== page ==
Posted by: Priscilla ()
Date: July 11, 2016 05:10PM

I am an ex Christadelphian (X'ad). I was born into an X'ad family and it became my own belief, and remained so until my late 30s. We were members of 'The Dawn' fellowship - a smaller separate group to the larger 'Central' fellowship. The core beliefs are the same but the practical out workings are slightly different. For instance, a believer who gets divorced and remarried will have fellowship 'withdrawn' from them by the Dawn, as it is believed that they are living in adultery, but they can then join Central - as they take the view that only God can judge their situation. The Central fellowship allows more autonomy to their 'meetings' (religious gatherings) but the Dawn fellowship allows for no autonomy, each 'meeting' being accountable to the whole. When one arrives at a meeting (breaking of bread), one is met by a 'brother'who has been stationed at the door. If it is not your usual meeting and he doesn't recognise you, he will ask your name and what meeting you belong to. This is written down for later publication in the regular magazine in the section where meetings put their news. A list of visitors names will be included. Thus in this way, the movements of all, can be checked by all. A 'stranger' or otherwise unbaptised individual will normally be allowed to sit in the meeting or at the back, but will not be allowed to take the bread and wine. Women are required to wear head coverings and are not allowed to address the meeting or pray out loud. Even in a 'business' meeting the same rule applies, women can only vote for something by raising her hand. One can only become a Christadelphian by taking a lengthy 'Instruction' course and by being 'examined' by two brethren, at the end, to make sure you believe exactly as you have been taught - and if they are satisfied, you will then have to be baptised.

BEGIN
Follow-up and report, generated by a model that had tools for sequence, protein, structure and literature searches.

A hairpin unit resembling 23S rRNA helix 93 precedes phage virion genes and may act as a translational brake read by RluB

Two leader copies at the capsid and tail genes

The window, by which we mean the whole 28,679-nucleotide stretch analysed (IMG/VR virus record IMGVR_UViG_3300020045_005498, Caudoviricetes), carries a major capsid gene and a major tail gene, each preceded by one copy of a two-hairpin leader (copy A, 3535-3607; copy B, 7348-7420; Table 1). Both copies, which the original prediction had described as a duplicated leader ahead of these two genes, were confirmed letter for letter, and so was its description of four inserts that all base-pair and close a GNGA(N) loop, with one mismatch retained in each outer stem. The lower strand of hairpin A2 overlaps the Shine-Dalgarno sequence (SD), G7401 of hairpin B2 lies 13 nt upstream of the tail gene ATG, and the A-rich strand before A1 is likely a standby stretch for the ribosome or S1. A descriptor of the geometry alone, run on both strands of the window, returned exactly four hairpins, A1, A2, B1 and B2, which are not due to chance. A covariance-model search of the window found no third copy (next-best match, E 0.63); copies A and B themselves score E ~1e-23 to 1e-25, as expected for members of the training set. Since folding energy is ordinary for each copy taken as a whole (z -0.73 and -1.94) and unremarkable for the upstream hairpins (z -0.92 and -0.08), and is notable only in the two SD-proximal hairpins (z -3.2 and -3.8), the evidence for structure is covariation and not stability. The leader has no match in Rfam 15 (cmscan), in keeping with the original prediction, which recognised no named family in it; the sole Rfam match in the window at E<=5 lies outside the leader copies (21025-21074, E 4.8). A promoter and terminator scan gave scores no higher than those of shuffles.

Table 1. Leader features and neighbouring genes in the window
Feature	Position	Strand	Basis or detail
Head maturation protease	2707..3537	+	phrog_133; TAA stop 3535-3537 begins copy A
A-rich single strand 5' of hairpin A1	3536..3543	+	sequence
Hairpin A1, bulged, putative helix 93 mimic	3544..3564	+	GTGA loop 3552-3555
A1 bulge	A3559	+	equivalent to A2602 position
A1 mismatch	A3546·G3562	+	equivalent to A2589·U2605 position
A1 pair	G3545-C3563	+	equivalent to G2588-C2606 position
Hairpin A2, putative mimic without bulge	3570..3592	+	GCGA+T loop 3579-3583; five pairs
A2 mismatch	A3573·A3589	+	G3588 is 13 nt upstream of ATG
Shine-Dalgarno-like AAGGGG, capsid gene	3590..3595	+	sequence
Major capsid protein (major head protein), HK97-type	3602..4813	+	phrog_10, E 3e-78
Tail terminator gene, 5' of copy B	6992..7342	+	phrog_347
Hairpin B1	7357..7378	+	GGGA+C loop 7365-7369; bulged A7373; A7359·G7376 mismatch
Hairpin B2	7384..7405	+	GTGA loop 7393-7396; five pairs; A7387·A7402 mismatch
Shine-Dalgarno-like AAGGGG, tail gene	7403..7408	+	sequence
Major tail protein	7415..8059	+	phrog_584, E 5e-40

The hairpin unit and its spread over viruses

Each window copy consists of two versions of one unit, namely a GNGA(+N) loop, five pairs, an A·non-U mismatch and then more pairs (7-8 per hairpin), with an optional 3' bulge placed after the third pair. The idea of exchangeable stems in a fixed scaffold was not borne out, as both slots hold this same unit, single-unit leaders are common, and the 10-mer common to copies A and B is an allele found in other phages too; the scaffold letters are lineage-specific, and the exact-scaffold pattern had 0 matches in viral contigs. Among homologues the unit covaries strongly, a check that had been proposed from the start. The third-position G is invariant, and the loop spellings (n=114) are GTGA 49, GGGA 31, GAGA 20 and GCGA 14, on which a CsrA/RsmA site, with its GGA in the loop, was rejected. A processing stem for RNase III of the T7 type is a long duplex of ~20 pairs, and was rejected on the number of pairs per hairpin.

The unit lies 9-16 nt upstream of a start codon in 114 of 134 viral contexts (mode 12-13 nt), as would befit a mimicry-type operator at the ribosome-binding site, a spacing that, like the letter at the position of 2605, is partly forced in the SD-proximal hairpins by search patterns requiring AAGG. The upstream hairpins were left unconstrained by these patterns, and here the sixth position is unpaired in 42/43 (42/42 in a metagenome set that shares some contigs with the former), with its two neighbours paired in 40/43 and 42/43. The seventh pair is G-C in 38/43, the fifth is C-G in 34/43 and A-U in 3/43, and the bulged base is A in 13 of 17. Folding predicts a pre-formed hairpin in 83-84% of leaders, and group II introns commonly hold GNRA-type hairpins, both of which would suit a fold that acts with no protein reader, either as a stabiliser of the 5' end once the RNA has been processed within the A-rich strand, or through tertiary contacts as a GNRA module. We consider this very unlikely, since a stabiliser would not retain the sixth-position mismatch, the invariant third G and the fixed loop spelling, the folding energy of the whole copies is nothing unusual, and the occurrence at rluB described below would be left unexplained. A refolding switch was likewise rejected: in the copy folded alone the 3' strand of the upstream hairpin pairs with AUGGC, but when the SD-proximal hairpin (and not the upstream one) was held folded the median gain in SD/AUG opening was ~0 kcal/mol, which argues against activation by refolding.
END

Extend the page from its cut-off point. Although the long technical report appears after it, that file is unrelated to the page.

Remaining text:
I am relating all this for the benefit of those who don't know - and so as to give you a flavour of Christadelphianism! I have much more to say, but in the next installment!